Blog | HemaCare

NK Cells May Form Adaptive Memories

Sep 10, 2019 10:10:00 AM / by Stacy Matthews Branch, DVM, PhD posted in NK Cells, Vaccine Research, Humanized Mice


A new study shows that NK cells may be able to form adaptive memory and demonstrate specific antigen memory.

Innate immunity has long been considered the nonspecific first line of defense against an invading microorganism, while adaptive (or acquired) immunity is an antigen-specific immune response characterized by a memory that allows protection against a repeat exposure. Examples of cells of the innate immune response include natural killer (NK) cells, macrophages, neutrophils, and mast cells. T and B lymphocytes are cells of the adaptive immune system.

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NK Cell Clinical Trial Begins for Incurable Cancer

Jul 16, 2019 10:12:00 AM / by Stacy Matthews Branch, DVM, PhD posted in Cancer, NK Cells, Immunotherapy (Immunology)


New tests begin in the United States using stem cell-derived natural killer cells to help patients suffering from incurable cancer.

Curing the incurable is an ongoing and top endeavor in medical research. This is particularly true for the various forms of cancer that are difficult to treat. The investigation and use of immunotherapy as an option for the treatment of different forms of cancer continues to increase. The main immunotherapeutic approach to cancer involves harvesting stem cells from the patient or a donor. Given the logistics, cost, and time this approach takes, the development of a strategy or cell products that can be used on demand is much desired.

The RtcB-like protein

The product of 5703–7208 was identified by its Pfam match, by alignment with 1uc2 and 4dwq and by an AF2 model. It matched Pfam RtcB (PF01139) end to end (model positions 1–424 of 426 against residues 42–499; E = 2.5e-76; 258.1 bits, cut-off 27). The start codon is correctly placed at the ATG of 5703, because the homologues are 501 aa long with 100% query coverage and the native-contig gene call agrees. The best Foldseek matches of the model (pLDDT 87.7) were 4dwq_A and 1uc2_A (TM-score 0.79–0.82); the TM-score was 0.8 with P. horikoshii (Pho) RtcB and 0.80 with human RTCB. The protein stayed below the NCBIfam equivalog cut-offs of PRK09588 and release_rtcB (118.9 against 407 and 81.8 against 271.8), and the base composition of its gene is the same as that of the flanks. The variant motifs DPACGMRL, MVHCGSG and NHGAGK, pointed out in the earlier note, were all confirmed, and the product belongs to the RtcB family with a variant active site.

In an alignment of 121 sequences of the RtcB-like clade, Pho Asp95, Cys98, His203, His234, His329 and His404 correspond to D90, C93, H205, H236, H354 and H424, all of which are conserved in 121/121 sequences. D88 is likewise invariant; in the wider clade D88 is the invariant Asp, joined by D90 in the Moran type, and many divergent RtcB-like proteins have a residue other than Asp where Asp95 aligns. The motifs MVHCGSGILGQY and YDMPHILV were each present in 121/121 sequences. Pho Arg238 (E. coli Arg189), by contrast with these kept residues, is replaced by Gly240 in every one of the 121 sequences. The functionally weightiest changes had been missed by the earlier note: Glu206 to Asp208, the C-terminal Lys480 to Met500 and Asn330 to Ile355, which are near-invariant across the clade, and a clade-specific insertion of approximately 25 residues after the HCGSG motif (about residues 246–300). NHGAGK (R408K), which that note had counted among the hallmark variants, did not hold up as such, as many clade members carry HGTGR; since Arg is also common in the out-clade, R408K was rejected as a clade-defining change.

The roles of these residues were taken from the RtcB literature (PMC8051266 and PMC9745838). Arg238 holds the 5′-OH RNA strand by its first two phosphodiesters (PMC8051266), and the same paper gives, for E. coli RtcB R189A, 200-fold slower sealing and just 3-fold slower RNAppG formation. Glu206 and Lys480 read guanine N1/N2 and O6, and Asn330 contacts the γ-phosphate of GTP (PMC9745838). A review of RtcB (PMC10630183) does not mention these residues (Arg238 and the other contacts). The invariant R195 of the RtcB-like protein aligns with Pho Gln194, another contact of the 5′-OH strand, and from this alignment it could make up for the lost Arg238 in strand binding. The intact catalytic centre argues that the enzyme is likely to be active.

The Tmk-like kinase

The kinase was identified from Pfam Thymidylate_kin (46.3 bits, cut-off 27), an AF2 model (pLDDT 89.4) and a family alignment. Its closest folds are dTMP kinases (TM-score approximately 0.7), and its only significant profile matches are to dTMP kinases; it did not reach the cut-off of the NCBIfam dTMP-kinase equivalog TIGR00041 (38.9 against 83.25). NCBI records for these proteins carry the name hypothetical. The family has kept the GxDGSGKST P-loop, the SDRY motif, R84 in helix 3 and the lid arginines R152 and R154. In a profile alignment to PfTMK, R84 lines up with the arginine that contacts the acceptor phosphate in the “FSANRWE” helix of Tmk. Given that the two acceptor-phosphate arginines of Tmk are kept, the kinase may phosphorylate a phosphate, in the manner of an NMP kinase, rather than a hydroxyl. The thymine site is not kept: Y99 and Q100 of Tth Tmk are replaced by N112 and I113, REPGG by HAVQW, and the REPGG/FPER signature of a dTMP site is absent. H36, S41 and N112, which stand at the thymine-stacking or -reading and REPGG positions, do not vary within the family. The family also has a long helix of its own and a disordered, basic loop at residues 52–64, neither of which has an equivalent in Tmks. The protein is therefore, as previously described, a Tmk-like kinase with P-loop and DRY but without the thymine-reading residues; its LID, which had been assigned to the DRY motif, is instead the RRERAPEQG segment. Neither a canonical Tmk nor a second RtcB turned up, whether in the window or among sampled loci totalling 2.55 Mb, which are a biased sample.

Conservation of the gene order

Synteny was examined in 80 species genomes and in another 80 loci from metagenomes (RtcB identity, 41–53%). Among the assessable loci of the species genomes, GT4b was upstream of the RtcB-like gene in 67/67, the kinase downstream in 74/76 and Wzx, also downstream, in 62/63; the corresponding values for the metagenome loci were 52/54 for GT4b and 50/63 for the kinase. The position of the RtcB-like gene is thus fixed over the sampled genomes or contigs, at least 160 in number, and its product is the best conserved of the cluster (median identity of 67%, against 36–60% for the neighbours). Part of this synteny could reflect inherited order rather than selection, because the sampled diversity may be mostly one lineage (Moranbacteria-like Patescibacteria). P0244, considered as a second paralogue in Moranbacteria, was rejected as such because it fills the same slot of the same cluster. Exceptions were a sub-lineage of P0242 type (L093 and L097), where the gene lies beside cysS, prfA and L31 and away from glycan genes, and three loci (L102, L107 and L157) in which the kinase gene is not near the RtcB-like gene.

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HemaCare Immune Cells Ace Cytotoxicity Assay used to Screen Therapeutic Antibodies

Jan 22, 2019 10:15:00 AM / by Nancy Andon, MSc posted in Assay Development, NK Cells


In an independent study recently published by Pfizer, [1] natural killer (NK) immune cells sourced from HemaCare were evaluated to test how well suited they are for use in cytotoxic activity assays.

These last few years have seen the successful clinical development of several monoclonal antibody-based treatments for cancer and inflammatory disease. These antibodies are designed to act in a number of different ways, from tagging target cells so they can be recognized by the immune system, to blocking growth or metastasis, to attacking problematic cells themselves. Monoclonal antibodies (m’Abs) are seen as particularly beneficial because they can be used to complement more traditional therapies and because their use generally results in fewer side effects.

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Cells May Cooperate to Treat Cancers

Oct 22, 2018 10:30:00 AM / by Stacy Matthews Branch, DVM, PhD posted in Cancer, T Cells, NK Cells, Immunotherapy (Immunology)


Recent research reveals T cells and Natural Killer (NK) cells may respond to cancer cells differently and could ultimately provide more cancer treatment options.

A leading immunotherapeutic approach to treating cancer involves the use of checkpoint inhibitors. Immune checkpoints are proteins expressed on T cells and are essential for the self-tolerance needed to prevent autoimmunity. When T-cell checkpoint molecules bind to its ligand on cells, the targeted cell is not harmed. These checkpoints are often exploited by tumor cells by possessing checkpoint molecules such as PD-L1 and impeding the immune system’s ability to initiate and carry out an immune attack on the tumor.

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Expansion of Antitumor Natural Killer Cells Using Anti-CD16 Antibody and Irradiated Autologous Peripheral Blood Mononuclear Cells

Nov 20, 2017 8:00:37 AM / by Stacy Matthews Branch, DVM, PhD posted in PBMCs, NK Cells


Natural killer (NK) cells are lymphocytes of the innate immune system and are important in controlling tumors and infections without depending on the recognition of specific antigens. The activation of NK cells occur via NK cell receptor interactions, including the CD 16 (Fc-gamma) receptors that bind antibodies (eg. IgG) attached to pathogens and infected cells. The CD16 receptor is involved in antibody-dependent cellular cytotoxicity, a process associated with the effectiveness of antibody-based cancer immunotherapies.

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